Snapchat is over. Influencers are oversaturated. And content is everything.
Those were some of the takeaways from a panel discussion about social media marketing held Tuesday at the FN Platform trade show in Las Vegas.
The participants included Rollie founder and CEO Vince Lebon, Sam Edelman marketing director Lizzi Bickford, Chinese Laundry marketing manager Alle King and Karen Bueno, Blowfish Malibu’s VP of marketing. FN’s women’s editor, Nikara Johns, moderated the conversation.
All four executives agreed that the strongest social platforms for brand marketing right now are Facebook and Instagram — particularly Instagram, thanks to its highly visual format.
“With Instagram, we focus on brand awareness and engagement, and there we’re able to build a visual around who the brand is,” said Bueno. “With Facebook, it’s more of a VIP feel, and with those people, they give us their true feelings about [Blowfish Malibu]. That’s been helpful for us in finding out what customers like about the brand and what they don’t.”
Bickford added that gauging the effectiveness of the programs is twofold: “We measure success through engagement, and conversion is also optimal. We’re seeing a rise year over year of about 170 percent on a swipe or click-to-shop [tool]. Those features have definitely enhanced the platforms for us from a brand side.”
As for platforms that don’t work, the executives said they have all abandoned Snapchat completely and use Twitter sparingly. “The biggest result we’ve had with Twitter is if a celebrity or influencer is wearing our shoes and tweeting about it,” said King. “For me as a consumer, I only pay attention to big people and what they’re saying.”
When it comes to working with online influencers, the marketing experts recommended a careful and strategic approach. “Go in with a plan and make sure you’re aligning with the right people. Influencers are great, but the market has become really saturated,” said Bickford, who noted that she likes to meet — or at least speak with — every influencer who works with the Sam Edelman brand. “I want make sure that we vibe and they understand our messaging.”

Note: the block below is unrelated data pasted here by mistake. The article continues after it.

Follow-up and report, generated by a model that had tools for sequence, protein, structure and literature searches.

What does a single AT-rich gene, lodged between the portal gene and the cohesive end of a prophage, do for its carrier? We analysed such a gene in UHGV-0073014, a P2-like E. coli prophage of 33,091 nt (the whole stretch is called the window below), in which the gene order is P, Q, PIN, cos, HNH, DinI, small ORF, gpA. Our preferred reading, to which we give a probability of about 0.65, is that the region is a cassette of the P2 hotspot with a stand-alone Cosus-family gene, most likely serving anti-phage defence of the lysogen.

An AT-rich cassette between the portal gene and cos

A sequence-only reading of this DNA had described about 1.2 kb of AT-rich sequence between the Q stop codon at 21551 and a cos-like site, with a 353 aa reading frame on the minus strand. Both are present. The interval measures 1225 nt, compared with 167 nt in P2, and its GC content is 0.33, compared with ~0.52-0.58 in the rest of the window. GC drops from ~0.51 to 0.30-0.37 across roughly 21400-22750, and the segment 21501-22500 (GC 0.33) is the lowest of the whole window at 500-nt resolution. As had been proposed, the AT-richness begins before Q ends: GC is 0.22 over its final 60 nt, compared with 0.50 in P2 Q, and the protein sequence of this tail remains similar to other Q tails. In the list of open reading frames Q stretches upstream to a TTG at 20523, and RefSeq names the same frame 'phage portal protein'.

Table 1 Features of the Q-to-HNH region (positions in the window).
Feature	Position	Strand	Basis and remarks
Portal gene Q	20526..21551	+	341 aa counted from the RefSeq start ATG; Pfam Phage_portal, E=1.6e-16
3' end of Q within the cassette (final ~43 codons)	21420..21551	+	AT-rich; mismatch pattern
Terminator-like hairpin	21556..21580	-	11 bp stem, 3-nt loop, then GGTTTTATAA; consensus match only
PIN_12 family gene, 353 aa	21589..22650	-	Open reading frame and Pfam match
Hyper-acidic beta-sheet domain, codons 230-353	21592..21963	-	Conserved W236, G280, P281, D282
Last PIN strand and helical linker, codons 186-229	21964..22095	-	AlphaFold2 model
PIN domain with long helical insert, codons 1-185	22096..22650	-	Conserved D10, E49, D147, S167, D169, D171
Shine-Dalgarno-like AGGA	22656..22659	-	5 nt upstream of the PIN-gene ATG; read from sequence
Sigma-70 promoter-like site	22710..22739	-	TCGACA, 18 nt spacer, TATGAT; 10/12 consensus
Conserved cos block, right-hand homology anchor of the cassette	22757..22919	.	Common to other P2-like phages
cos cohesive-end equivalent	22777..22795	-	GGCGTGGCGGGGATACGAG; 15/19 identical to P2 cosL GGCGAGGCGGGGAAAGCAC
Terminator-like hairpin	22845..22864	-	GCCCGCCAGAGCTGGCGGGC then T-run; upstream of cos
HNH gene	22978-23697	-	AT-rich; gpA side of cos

King noted that microinfluencers have proved to be highly effective at driving online buzz for Chinese Laundry.
But Blowfish’s Bueno advised always checking the numbers before signing a partner. “Look at the engagement of their followers. They may have 2,000 likes on an Instagram photo but no comments,” she said.
For Rollie, while the label does work with social influencers, Lebon and his wife have become increasingly visible in its marketing. “When I first launched the brand, I tried to keep myself separate. But a brand is not what you say it is; it’s what they say it is,” said Lebon. “We found that people connected with our story. So now we’re putting up more photos of me and my wife, and we’re starting to document us living our bucket list. Because we want to empower our community, and the only way is by living what you say. We’ve become the face of it — not by choice, but it feels honest.”
Overall, the executives stressed that in today’s environment, it’s challenging to keep up with changing technologies and to stand out in a noisy digital landscape. But what is essential is having a strong identity.
“Make sure you have a voice, your tone is consistent, and make sure you have a story to tell,” said Bickford. “People want authenticity and content that they can learn from.”
And in the end, brands also need to be realistic about expectations, explained Lebon. “There’s no quick fix,” he said. “We would look at these big influencers and think, ‘If only we could work with them.’ And then you’d get them, and it wasn’t massive. Accept that and stop chasing. Just work on great content and add value to people’s lives. Instead of looking for that one influencer, create something where everyone you touch is inspired and they retell it and then become your brand advocators.”
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